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Is Sex Addiction Relevant to Divorce?

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Is Sex Addiction Relevant to Divorce?

With the recent coverage of the Harvey Weinstein scandal, there has been speculation in the Canadian media about the validity of his claims to have a “sex addiction”, and whether such a so-called affliction really exists at all.

In the Weinstein case, sex addiction is being used by the perpetrator of objectionable and oftentimes criminal behavior towards women.   But in a Family Law case from a few years ago called Yunger v. Zolty, it was the flip-side:  It was the wife who wanted to raise the husband’s sex addiction to bolster her legal position on various disputed issues, namely to shed light on the reason for the marriage breakdown and to cast doubt on his ability to parent their daughter.

But in rejecting the wife’s request for the husband’s medical records on his treatment, the court explained:

Production of the father’s medical records

The mother asks for an order that the father produce his medical records from Bellwood Health Services and any other health care professionals relating to his sexual addictions.

The father denies that he has sexual addictions.  He says he went to counselling in relation to this issue because of pressure placed on him by the mother and her family.  He says he is currently seeing a counsellor to help him deal with the difficult issues arising from the marriage breakdown.

 The mother submits that disclosure of the medical records would assist in determining whether the father had or has sexual addictions and why the marriage broke down.  I have difficulty, however, in understanding how these determinations are relevant to the issues in this litigation.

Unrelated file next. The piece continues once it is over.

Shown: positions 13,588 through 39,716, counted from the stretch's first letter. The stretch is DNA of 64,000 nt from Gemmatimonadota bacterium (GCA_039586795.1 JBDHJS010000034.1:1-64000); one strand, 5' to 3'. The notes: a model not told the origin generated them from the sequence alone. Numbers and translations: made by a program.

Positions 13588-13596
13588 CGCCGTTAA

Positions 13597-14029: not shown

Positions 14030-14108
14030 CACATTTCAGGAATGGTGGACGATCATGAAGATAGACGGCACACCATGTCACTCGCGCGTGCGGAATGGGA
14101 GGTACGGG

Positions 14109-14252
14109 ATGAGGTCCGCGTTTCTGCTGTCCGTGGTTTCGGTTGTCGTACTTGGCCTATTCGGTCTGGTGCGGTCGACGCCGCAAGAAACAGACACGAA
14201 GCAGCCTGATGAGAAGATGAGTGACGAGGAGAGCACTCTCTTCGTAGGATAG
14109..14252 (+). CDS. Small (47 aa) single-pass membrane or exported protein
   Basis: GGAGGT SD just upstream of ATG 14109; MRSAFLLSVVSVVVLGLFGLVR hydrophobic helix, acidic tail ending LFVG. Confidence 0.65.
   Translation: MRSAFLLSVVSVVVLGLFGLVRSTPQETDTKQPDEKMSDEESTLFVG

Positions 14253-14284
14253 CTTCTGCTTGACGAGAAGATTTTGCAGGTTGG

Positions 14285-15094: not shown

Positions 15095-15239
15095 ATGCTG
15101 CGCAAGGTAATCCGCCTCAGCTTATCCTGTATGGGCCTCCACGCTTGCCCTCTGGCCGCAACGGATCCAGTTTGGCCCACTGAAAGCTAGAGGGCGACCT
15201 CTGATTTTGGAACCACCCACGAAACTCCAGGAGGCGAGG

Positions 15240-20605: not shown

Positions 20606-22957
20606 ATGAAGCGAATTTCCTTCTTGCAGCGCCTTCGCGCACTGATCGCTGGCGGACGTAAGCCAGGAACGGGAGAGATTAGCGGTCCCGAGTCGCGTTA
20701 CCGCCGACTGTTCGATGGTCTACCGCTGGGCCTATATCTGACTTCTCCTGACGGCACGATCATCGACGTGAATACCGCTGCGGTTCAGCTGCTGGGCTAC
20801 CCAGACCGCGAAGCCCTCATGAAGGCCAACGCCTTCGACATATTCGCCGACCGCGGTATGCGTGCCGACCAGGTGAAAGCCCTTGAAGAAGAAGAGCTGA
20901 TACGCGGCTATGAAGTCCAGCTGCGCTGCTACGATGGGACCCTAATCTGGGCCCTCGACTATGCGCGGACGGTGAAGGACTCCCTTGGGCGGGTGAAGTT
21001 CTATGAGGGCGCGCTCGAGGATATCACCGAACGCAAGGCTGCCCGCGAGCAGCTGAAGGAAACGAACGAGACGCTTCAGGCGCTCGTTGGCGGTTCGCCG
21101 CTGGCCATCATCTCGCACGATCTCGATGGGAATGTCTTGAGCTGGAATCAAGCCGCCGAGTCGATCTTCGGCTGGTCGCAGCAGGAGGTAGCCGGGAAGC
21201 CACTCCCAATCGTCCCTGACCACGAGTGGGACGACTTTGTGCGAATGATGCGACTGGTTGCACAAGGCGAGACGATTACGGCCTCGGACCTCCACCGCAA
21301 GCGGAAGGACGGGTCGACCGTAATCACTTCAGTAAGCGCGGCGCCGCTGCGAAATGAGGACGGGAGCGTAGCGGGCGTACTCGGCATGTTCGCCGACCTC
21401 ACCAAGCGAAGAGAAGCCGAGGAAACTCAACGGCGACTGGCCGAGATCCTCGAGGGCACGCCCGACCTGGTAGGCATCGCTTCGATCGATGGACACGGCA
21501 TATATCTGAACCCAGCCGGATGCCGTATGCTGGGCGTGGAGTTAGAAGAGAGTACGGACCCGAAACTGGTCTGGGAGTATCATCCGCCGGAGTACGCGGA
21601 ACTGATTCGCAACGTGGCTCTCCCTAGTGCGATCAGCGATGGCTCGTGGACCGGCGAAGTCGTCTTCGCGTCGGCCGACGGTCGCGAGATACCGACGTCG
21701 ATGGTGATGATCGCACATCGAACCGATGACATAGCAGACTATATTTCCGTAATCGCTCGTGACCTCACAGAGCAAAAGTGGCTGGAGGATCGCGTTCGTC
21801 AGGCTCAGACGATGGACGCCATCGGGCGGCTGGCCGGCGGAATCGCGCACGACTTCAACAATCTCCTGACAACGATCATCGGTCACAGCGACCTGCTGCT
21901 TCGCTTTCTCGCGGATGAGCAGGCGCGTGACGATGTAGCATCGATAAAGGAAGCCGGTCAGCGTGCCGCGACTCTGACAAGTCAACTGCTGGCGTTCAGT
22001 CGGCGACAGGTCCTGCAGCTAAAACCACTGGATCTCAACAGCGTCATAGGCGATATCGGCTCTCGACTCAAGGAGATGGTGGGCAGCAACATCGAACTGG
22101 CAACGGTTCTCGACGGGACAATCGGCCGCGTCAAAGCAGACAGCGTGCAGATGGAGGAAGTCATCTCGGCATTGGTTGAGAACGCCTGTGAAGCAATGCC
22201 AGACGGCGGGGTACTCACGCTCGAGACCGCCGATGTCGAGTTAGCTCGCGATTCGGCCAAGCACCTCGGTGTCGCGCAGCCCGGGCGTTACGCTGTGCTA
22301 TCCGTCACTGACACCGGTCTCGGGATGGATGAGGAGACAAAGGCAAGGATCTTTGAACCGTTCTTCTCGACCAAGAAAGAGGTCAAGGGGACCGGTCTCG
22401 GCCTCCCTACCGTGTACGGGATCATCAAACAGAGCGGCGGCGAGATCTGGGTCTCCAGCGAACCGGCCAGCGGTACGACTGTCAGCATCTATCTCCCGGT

The mother suggests that the father’s addictions may be related to [their daughter’s] difficulties with her father.  However, there is no evidence, at this point, that this is or may be the case.

The disclosure of medical records is highly intrusive.  There are compelling reasons for preserving the confidentiality of communications between the father and his doctor or therapist.   In the absence of evidence that such records would be relevant to any of the issues in this case, in particular, to the parenting issues, I decline to order that they be disclosed.

Although the court in this case made it clear that alleged sex addiction was not relevant to the particular issues between the divorcing husband and wife, one is left to wonder where there are other scenarios where it might be.

What are your thoughts?

For the full text of the decision, see:

Yunger v. Zolty

At Russell Alexander, Family Lawyers our focus is exclusively family law, offering pre-separation legal advice and assisting clients with family related issues including: custody and access, separation agreements, child and spousal support, division of family property, paternity disputes, and enforcement of court orders.  For more information, visit us at RussellAlexander.com

One Comment
  1. John G #

    I doubt that “sex addition(s)” is sufficiently precise to be a useful concept. Does the expression mean a general strong desire to have sex, i.e. an activity resulting in orgasm, or an acivity involving contact with one or more persons? Is it different from an obsession?

    Many poeple overcome other kinds of addition, or to manage them and live reasonably. Why would sex addiction not be the same, i.e. be “curable”? To some extent it’s a matter of will. How important is the obsession compared to maintaining the marriage?

    Does the expression cover a variety of tastes or kinks? That is distinct from the degree of desire for what, at a different degree, would be acceptable to both spouses. It sounds in the case cited as if the husband may have wanted to do things the wife did not, or possibly with people other than the wife (perhaps as a result of her unwillingness.) Again, these tastes do not have to be satisfied, but that’s a question of individual make-up and commitment.

    In either case the “addiction” does not necessarily affect the capacity of the person to be a parent, as the court pointed out here. Once again, that is a question of commitment of the parent to put a priority on parenting responsibilities over satisfaction of personal desires – not to their exclusion, necessarily, just a priority as required.

    The “addiction” may well affect the ability and willingness of the couple to stay together, but that is not the same question.

    October 30, 2017

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